Learn A Motor Skill 4x Faster Through Micro-Breaks

Published by Klint Ciriaco on

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Effective learning does not always equate to quick learning, but when a study suggests a way to develop a skill four times faster than the traditional route, it becomes a topic worth paying attention to. 

Now, the study I’m about to share should be taken with a grain of salt because the skill that was experimented on is an overly simplistic one. I personally wondered whether the protocol can be scaled to other longer-to-acquire skills. But, it is a lead worth exploring so we can add it to our rapid learning toolbox. 

The study

In the A Rapid Form of Offline Consolidation in Skill Learning, the participants were asked to type a sequence of numbers with their left non-dominant hand after seeing numbers on the screen. They would then take a 10-second break and repeat the process. Unsurprisingly, their accuracy and speed got better over time that day.  

Here’s the surprising part: they found that the participants’ skills developed primarily during the micro-breaks, not while typing. On top of that, their development was four times faster during the micro-breaks compared to resting overnight (they were asked to return the following day to do the same tasks). 

Learn Quickly Through Micro-breaks

Memory consolidation is traditionally known to happen in 6 hour intervals or more. However, this study suggests that the brain will opportunistically make it happen whenever it gets a chance to rest. If one could develop a skill in 1 hour instead of 3 hours by using this protocol, then we might have found one amazing learning strategy. 

One weakness to the study is that they didn’t have a control group. It would have been great if they had two groups where one group does the exercise with microbreaks and the other without it. The study also applies to just the beginning stage of learning a skill. 

But, rapidly learning at that stage shows a huge benefit – the thrill of quickly gaining proficiency early on. One of the reasons we quit is because we encounter difficulties and frustration. After all, if the task feels punishing, then why bother continuing. But if we feel ecstatic, we’re most likely going to keep practicing.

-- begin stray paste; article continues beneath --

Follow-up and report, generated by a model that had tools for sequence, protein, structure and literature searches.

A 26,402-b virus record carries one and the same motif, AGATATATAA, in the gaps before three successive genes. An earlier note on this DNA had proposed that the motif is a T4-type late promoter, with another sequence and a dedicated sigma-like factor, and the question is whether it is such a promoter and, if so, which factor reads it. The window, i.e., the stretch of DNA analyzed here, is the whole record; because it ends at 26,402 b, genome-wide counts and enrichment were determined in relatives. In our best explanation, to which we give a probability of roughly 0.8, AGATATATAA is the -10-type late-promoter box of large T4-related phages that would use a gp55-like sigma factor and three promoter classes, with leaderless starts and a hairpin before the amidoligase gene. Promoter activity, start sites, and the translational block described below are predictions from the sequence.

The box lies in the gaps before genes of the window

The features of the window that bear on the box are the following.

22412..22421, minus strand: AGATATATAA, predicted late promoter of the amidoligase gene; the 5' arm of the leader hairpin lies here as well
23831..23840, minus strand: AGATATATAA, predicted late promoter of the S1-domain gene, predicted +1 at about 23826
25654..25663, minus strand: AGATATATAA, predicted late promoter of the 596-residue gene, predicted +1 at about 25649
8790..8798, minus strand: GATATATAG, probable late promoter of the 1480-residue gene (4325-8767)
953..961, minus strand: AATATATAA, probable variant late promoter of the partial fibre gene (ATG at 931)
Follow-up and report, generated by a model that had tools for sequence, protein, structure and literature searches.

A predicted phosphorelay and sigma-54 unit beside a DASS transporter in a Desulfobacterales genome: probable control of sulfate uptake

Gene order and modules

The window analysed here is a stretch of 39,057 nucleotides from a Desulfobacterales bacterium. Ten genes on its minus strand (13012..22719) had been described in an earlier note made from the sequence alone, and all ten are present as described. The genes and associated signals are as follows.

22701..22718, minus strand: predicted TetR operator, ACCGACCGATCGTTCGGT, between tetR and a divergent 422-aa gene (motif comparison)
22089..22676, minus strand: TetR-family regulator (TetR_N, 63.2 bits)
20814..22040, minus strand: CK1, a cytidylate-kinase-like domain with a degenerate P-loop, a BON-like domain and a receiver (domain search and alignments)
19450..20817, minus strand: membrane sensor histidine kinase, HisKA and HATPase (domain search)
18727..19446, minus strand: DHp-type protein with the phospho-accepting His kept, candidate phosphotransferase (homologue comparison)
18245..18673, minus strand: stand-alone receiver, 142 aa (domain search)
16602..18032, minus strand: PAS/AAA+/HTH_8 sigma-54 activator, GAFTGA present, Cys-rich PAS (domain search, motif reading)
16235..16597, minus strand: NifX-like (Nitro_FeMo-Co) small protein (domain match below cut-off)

For example, I used a similar protocol years ago in learning a CrossFit movement called the butterfly pull up. I did two reps, rested for about 30 seconds, and repeated the cycle in the course of 10 minutes. About a week later, butterfly pull ups appeared in the workout. I wasn’t an expert yet but I was proficient enough to surprise my gym mates how fast I learned it. So, I kept practicing more.  

I also use this protocol when teaching some of our clients at the gym (I’m a CrossFit trainer if you didn’t already know). After letting them do 5-10 reps of a difficult movement, a snatch for example,  I would let them rest for about 10 seconds before doing another set. I can’t scientifically quantify their improvements, but I generally see quick changes in the way they move. 

Here are some ideas on how to apply it in other skills

Singing Sing a scale for about 2 minutes. Rest 10 seconds. Repeat. 

Playing the Guitar – Play a 3-chord  progression for a minute. Rest for 10 seconds. Play the chords again. 

Shooting – Do your shooting drill. Then, place your firearm in the holster and wait for about 10 seconds. Pull your firearm out to do your drill again. 

Keyboard typing – Press the series of keys shown on the screen. Take a microbreak. Proceed to do the exercise.  

You get the point. 


Try this out when you get a chance. Instead of mindlessly toiling through a practice session, insert a micro-break in between rep, set, or drill. You get to reflect on what you did well and not so well, and at the same time reap the benefits of learning at a rapid pace. 

You got this.